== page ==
Similarly, actress-writer-director Fay Ann Lee created Falling for Grace, a Chinese-American rom-com. Yes, that’s right: a Chinese-American romantic comedy. Hollywood liked the story but wanted Lee to change the main character to a white or Hispanic woman. Lee refused and put the movie out independently. It’s not 100% polished like the slick things we usually see on-screen, but it’s got a lot of raw truth in it, particularly in the scenes about Grace and her family. In fact, my favorite part (sorry, this is a teeny bit of a spoiler) is when Grace gives her brother some money for culinary school:

Ming: I’ll pay you back, I promise!
Grace: Just cook for me for the rest of my life.
Ming: … I’d rather pay you back.

Did that have to take place between Asian siblings? Of course not. But throughout the movie, their heritage is reflected in their interactions with each other and with their parents, and it makes those relationships feel rich, and real.

Now don’t get me wrong, I love (love LOVE) Amy Tan, and a lot of the more “typical” Asian American fiction that’s out there. (LOVE.) But I think it’s great that some writers and artists are exploring their heritage in other ways. We need to represent the whole spectrum of experiences, you know?

Andrew Xia Fukuda and Fay Ann Lee are doing that, and when I rewrite The Good Daughters, I plan to as well.

A big thank you to my team

Dear friends and lurkers alike,

I just wanted to let you know that I did not advance to the Semifinals of the Amazon Breakthrough Novel Contest. Don’t worry, I’m not upset at all. I knew the second half of my book had some problems that I hadn’t fixed, so I was very happy just to get this far.

The best part of this whole thing for me has been the overwhelming support I got from you all. It really energized me at a time that I was feeling a little burnt out, and now I’m ready to get to work making the whole book just as good as the opening excerpt – or better!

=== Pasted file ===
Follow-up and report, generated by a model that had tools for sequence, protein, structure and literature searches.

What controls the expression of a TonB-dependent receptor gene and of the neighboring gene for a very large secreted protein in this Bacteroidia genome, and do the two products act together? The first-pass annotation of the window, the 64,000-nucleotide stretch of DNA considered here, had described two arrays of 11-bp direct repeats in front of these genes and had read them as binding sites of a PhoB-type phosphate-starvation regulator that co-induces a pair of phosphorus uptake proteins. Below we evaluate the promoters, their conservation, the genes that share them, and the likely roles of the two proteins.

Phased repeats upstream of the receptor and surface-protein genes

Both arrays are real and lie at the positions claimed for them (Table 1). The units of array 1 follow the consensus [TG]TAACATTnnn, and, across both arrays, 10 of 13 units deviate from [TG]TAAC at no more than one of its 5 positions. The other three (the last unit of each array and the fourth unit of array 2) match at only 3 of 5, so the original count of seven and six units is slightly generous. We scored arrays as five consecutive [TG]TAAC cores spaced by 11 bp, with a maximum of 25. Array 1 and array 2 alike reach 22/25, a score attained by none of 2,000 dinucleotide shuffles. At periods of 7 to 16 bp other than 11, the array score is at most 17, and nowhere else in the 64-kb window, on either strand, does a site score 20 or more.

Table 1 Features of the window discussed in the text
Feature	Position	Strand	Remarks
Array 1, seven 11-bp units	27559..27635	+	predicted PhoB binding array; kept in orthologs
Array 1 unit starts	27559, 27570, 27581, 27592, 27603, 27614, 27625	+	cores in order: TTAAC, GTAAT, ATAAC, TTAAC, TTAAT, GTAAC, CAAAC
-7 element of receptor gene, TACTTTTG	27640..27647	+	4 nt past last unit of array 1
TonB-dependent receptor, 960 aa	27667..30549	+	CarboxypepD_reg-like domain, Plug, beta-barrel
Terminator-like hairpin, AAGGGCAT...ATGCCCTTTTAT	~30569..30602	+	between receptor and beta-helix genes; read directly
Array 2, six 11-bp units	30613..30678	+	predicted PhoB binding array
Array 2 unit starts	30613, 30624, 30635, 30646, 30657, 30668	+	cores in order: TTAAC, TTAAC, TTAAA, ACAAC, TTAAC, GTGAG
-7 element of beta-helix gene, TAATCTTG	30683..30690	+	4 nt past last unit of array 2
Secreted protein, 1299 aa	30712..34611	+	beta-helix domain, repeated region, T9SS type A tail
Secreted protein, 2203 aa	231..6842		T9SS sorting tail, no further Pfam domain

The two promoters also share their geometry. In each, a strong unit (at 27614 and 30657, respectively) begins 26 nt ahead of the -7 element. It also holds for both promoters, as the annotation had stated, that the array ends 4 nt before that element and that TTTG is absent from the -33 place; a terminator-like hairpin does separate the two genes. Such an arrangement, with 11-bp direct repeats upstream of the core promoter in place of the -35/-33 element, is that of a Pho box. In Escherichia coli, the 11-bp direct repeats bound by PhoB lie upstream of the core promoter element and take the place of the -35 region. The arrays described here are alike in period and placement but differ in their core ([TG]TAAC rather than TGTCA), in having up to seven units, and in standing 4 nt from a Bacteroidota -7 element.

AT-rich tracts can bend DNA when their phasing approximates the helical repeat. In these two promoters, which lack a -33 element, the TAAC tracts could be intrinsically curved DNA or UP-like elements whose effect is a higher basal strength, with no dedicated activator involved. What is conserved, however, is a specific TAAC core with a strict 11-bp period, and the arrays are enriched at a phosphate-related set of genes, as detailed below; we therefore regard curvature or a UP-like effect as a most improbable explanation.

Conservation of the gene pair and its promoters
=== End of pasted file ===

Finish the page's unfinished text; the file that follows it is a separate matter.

So thank you very much for your kind words and encouragement. It’s the end of the Amazon line, but definitely not the end of my journey to publication. ;)

“Everybody in this league is successful,” Allen said. “Everybody in this league has made it to this level where they’re a flagship in their society and their community where they grew up. People look up to them. They’re outliers in their world.

“We’re not outliers among ballplayers, but we’re outliers amongst the people that we grew up around. I started analyzing why that is. What made me successful? I was successful because of the opportunities that I had, outside of the other opportunities that people had, the breaks, people pushing me forward. The communities I grew up in, people were always adding an extra five bucks to get me to camp. The same thing that Bill Gates went through with the computer access. I had access to a gym, just the same. Once I started going there, people started seeing my passion for it, they started helping me.

“That’s why I always tell people, no matter what sport you’re in, whether it’s team or individual, everybody has a team. There’s a crew that helped get you where you are, no matter how you see it, how you look at it. You start thinking about it, analyzing situations. Anybody in this locker room, people helped you achieve your goal.”

(From a great ESPN column by J.A. Adande. Emphasis added by me.)

Weird… but okay

Any publicity is good publicity, right?

  • Green Pasture Christian Bookstore – The Good Daughters [link now gone]
  • Intelligent Investor Club – The Good Daughters [link now gone]

I’m neither a good Christian nor a good investor, so I’m not sure what to think…

Anyway, there’s just about a week left until I find out the fate of my novel The Good Daughters in the Amazon Breakthrough Novel Contest. If you haven’t gotten a chance to read, rate, and review it yet, I’d love for you to check it out before the 15th. After that, it will probably be taken off Amazon. Unless of course it makes it to the Semifinals (top 100 entries), but that’s highly unlikely.

(That’s not modesty, haha, that’s insider knowledge. The excerpt is WAY more polished than the rest of what I submitted. But I’m working on getting the rest up to par…)

For those who have already helped me rack up my ridiculous number of positive reviews, thank you so much!!